Lighter, Faster, Wider: The Evolution of the ACJ350 XWB
There are a lot worse things than having your aircraft compared to the outstanding Boeing 787, and that is exactly the position Airbus has found themselves in ever since they released the A350. In fact, debating the finer of the two is somewhat of a hot topic in aviation circles, and the updated A350-900 XWB has done nothing to curb the praise being showered on this flagship model.
The A350’s journey was not an easy one. A bumpy road rife with delays meant that the first finished aircraft arrived almost half a decade later than originally scheduled. Delays in the industry are nothing new but five years is a particularly significant period. However, it may have been a blessing in disguise.
$10 billion over budget
The added time and planning required meant that the A350 was massively over budget; one can only imagine investors’ raised eyebrows at the sight of a $15 billion bill for what was supposed to be a $5 billion aircraft. However, the cashback caveat of newer technology being available sweetened the deal. Coming approximately six years after the Boeing 787, the A350 enjoyed the very straightforward advantage of coming second.
Previously, the A350 had come under scrutiny for a perceived lack of space. The Xtra Wide Body – or XWB – looks to address this. The newer model’s cabin cross-section is a full 12 inches wider than the A330 with an additional two inches of width on each window, adding to the natural lighting that enters the cabin. An extra 3⁰ in wing sweep sees an overall increase to Mach 0.85 with the thrust up to 95,000 from 75,000.
2,910 square feet of cabin space ensures there’s room enough for 25 passengers to experience the utmost comfort. The ultra-long aircraft are packed with fun amenities, not least the tail camera which is attached to many of the A350s and allow passengers to view a live external feed, of their flight. Despite a 15,000 km range, the aircraft is surprisingly quiet, adding to the enjoyment of the flight for passengers.
As well as the improved physical dimensions, the A350-900 XWB performs better in the air. There’s a 2% improvement in specific fuel consumption (SFC), engine maintenance costs have been reduced by 5%, and the lower airframe maintenance has dipped by an even more substantial 10%. It’s lighter, faster, bigger, and has cheaper upkeep.
The company believe these changes to the aircraft reflect their core values, a view emphasized by Chief Operating Officer John Leahy:
“One of Airbus’s greatest strengths is to offer customers the world’s most modern and efficient aircraft family, and the A350 with Easyfit expands its corporate jet offering, giving customers a new way to take their business to the world,” said Mr Leahy. “Our customers want the best and most modern aircraft that money can buy, and the ACJ350 exemplifies that.”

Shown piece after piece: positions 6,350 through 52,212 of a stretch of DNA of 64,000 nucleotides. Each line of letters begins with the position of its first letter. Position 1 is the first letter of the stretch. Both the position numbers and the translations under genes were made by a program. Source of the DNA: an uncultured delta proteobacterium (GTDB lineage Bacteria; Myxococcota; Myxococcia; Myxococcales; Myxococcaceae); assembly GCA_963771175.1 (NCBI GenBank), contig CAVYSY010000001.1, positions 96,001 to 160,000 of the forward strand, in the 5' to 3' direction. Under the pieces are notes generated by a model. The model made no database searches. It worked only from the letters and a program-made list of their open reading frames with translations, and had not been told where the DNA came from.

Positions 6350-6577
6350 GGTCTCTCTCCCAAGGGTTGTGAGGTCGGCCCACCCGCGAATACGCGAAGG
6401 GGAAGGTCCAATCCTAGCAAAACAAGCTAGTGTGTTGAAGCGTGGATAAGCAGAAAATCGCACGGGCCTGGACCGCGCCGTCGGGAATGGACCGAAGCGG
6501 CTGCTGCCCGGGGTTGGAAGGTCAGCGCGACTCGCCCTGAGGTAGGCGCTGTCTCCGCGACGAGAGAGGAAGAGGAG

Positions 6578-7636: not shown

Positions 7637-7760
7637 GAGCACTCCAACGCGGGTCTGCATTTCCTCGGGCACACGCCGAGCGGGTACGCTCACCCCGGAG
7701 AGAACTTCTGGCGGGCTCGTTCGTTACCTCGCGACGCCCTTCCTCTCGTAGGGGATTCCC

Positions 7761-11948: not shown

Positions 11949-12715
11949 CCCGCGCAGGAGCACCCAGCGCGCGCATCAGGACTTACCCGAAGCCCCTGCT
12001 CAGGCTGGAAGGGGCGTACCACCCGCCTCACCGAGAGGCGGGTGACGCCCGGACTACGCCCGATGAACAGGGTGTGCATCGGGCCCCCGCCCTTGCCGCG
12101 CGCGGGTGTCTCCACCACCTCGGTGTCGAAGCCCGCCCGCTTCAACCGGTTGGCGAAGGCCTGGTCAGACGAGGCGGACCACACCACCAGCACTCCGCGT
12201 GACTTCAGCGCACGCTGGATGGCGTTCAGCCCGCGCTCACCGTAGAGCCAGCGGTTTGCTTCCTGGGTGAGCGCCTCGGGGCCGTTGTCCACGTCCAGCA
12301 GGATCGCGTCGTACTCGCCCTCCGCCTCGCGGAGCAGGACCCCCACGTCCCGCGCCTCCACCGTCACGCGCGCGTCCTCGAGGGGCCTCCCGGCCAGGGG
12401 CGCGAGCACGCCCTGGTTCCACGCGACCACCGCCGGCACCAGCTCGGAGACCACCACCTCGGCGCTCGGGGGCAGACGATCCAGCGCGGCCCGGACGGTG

Over 800 orders
So how popular is the A350 overall? To date, Airbus has secured 810 orders (at a cost of $254 million per aircraft) from 43 customers across the globe including a lucrative relationship with Qatar Airways. Indeed, Airbus sees the A350 as an integral part of both its present and future; the airline giant is looking to ramp up production to 10 aircraft per year by 2018, and the long term plans are even more telling of the company’s reliance on the model. Over the next two to three decades the A350 could represent a staggering 40% of the company’s revenues.
It’s easy to see why the new model has been so successful. The visuals of the floor space are stunning, with ample room for passengers to maneuver around the cabin and mingle thanks largely to the Easyfit outfitting which incorporates hundreds of attachment points. Easyfit opens the door to a relatively easy and extensive customization process which allows discerning customers to alter many aspects of the aircraft’s interior. Bulkheads, fixtures, cabinets; altering and adjusting the internal aspects is not a big issue here.
The tech is all upgraded and exciting, too. The onboard airport navigation system (OANS) gives pilots an overview of the area surrounding the airport apron and works in conjunction with a new input device which tracks the aircraft’s location. Working alongside a runway overrun protection system (ROPS) that alerts the pilot whenever the risk of overrunning crops up and initiates protective action when necessary, passengers can be sure that they are in safe hands.
As anybody in the aviation game will understand, airlines are coming under increasing pressure to lower their carbon footprint and think green. This means that potential buyers are having to consider how aircraft impact the environment and what kind of effect this could potentially have on the airborne performance. The AJ350 XWB will not disappoint. We’ve already mentioned the impressively quiet performance of the aircraft, but it also has low emission levels (25% below CAEP/6 NOx level), a powerful take-off made possible through the Onboard Information System, and precision on-airport guidance systems which help craft the most economically viable journeys.
In the most fundamental ways, the XWB is simply bigger. Even at eye level seats are visibly wider; four inches at the shoulder and three at the armrest really do make the difference on those long haul flights. If you notice a difference in the atmosphere, it may not be in your head. The cabin humidity clocks in at just 20% at or below 6,000ft, and the Flow Management System alters the circulation based on the number of passengers on board.
The ACJ350’s caliber has never been in doubt. A standout aircraft held in a place of esteem alongside the likes of the prestigious Boeing 747, the model has proven invaluable to Airbus through over 800 orders. Now, with the introduction of the XWB model, we can see the evolution of the aircraft coming to fruition.
Pictures Courtesy of Airbus